NEW YORK – The Knight First Amendment Institute at Columbia University today published for the first time two Office of Legal Counsel (OLC) memos related to the Pentagon Papers, one written just before the Supreme Court decided the Pentagon Papers case on June 30, 1971, and the other written just after. The Institute obtained the documents as part of a landmark legal settlement in a case seeking disclosure of OLC opinions written more than 25 years ago. The Institute has already published hundreds of other OLC memos obtained through the settlement, and it expects to publish others over the next weeks.

“These two memos shed new light on one of the most momentous clashes in the history of the First Amendment, and on a case that helped define press freedom,” said Stephanie Krent, staff attorney at the Knight First Amendment Institute. “We’re glad these historically important documents will now be available to scholars, journalists, advocates, and others.”

The documents released today were written immediately before and soon after the Supreme Court issued its decision in New York Times v. United States. They illuminate the Nixon administration’s effort to halt the publication of the Pentagon Papers—a secret history of the Vietnam War—and its effort to prosecute those responsible for their publication. The documents the Knight Institute is publishing today are:

  • A memo from OLC lawyer Frederick W. Lambert to Robert Keuch, then the head of what is now known as the Justice Department’s National Security Division, titled Permanent Injunctive Relief Against the Publication of the Defense Department Vietnam Study by the New York Times, and dated June 16, 1971. William Rehnquist, who was then the Justice Department lawyer in charge of the OLC, and who was responsible for evaluating the Justice Department’s likelihood of obtaining an injunction against the papers’ publication, was copied. The memo opined that the attorney general did not need to rely on specific statutory authorization to seek an injunction against the continued publication of the Pentagon Papers, but would likely need to demonstrate “irreparable damage to the national security” in order to succeed. Lambert suggested that the Justice Department argue that the publication of “top secret” documents would be sufficient to show irreparable damage, which, if accepted, would have given the government broad power to obtain prior restraints against reporting about national security. Read the document here. 
  • A memo from OLC lawyer Thomas E. Kauper to John Dean, then Nixon’s White House counsel, titled Criminal Prosecution for Disclosure of Classified Information Relating to Defense Department Vietnam Study, and dated July 28, 1971. The memo, written shortly after the Supreme Court’s decision allowing the publication of the Pentagon Papers to continue, analyzed the Justice Department’s possible paths to “prosecuting government employees, private citizens, reporters, and newspaper entities” involved in the papers’ publication. Kauper concluded that newspapers might be subject to criminal liability under 18 U.S.C. § 793, and potentially 18 U.S.C. § 2 and 18 U.S.C. § 371, although ultimately the Justice Department only prosecuted Daniel Ellsberg and Anthony Russo. Read the document here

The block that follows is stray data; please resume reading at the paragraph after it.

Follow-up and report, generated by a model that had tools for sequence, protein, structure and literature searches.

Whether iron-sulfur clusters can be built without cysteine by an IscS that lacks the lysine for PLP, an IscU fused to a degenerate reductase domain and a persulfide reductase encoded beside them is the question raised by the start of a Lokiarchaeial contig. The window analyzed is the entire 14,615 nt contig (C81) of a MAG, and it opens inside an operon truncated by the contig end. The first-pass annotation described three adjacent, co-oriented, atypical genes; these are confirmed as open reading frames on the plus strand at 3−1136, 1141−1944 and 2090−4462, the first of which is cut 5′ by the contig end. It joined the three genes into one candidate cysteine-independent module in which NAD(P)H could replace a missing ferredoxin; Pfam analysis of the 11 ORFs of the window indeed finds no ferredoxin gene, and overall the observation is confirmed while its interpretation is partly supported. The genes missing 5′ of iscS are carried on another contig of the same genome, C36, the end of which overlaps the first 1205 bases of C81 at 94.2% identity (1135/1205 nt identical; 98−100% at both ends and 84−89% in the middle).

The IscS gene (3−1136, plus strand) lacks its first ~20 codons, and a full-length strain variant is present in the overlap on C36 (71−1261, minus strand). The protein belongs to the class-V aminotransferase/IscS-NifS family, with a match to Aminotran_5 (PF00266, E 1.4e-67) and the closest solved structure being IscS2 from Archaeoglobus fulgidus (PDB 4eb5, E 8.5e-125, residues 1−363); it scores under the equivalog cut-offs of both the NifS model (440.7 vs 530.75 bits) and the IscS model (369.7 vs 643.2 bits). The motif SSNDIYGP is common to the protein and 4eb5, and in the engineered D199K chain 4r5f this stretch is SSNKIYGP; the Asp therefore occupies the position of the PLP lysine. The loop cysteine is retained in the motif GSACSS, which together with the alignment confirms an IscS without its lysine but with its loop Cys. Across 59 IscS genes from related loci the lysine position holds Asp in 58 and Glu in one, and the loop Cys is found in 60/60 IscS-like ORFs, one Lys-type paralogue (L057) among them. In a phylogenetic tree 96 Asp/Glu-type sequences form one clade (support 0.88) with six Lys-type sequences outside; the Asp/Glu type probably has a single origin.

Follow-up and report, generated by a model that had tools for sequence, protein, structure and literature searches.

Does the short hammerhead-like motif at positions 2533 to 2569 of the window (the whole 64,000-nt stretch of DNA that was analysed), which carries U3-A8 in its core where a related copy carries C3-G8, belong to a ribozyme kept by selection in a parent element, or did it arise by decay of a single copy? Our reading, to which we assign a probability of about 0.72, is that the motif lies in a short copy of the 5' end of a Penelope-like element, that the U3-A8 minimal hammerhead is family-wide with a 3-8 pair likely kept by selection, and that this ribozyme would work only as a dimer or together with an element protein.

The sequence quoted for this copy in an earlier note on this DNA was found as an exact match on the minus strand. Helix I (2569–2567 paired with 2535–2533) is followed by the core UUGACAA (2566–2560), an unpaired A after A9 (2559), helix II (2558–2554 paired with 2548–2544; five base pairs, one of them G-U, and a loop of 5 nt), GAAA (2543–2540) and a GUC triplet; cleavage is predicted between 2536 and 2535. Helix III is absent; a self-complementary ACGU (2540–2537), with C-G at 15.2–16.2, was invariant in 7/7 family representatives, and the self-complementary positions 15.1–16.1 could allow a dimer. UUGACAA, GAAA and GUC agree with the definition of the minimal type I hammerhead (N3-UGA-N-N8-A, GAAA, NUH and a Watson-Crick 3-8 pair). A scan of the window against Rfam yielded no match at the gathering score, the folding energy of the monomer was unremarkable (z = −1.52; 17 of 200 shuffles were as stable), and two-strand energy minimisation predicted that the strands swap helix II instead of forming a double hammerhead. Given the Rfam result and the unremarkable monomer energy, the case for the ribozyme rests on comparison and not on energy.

Sometimes called the “Supreme Court of the executive branch,” the OLC issues legal opinions governing the full range of executive powers, policies, and responsibilities. Its formal written opinions constitute final and authoritative pronouncements of the law within the executive branch. On February 15, 2019, the Knight Institute submitted a request to the OLC for all of its formal written opinions issued prior to February 15, 1994, taking advantage of new legislation that limits the authority of federal agencies, including the OLC, to withhold memos that are more than 25 years old. When the OLC failed to release any opinions in response to its request, the Institute filed suit on behalf of five scholars, Campaign for Accountability, and the Institute itself. The Institute reached a settlement with the OLC in August 2021. Under that settlement, the OLC has provided the Institute with indexes of OLC opinions written between 1945 and February 15, 1994. It has also agreed to release hundreds of opinions reflected on those indexes. 

“Despite the historical and political significance of OLC memos, the government keeps the majority of these opinions secret, which means the public is in the dark about the government’s interpretation of laws relating to a range of issues, including national security, war, immigration, and civil rights,” said Alyssa Morones, legal fellow at the Knight Institute. “It shouldn’t take a lawsuit to unearth memos that should have been publicly released as a matter of course decades ago.”

The Knight Institute maintains an OLC Reading Room on its website that is the most comprehensive public database of opinions written by the OLC. It contains the approximately 1,400 opinions published by the OLC in its online database and the approximately 350 opinions produced to date in two FOIA lawsuits brought by the Knight Institute. In January, the Institute launched @OLCforthepeople, a Twitter account that alerts the public each time the OLC adds an opinion to its online database—a process that generally happens without public notice. So far, @OLCforthepeople has tweeted three times, to announce the publication of two OLC opinions written in 2022 and a third that was written in 1970 but remained secret until April of this year.

Access the Knight Institute’s OLC Reading Room here.

Read more about Francis v. DOJ here.

For more information, contact: Adriana Lamirande,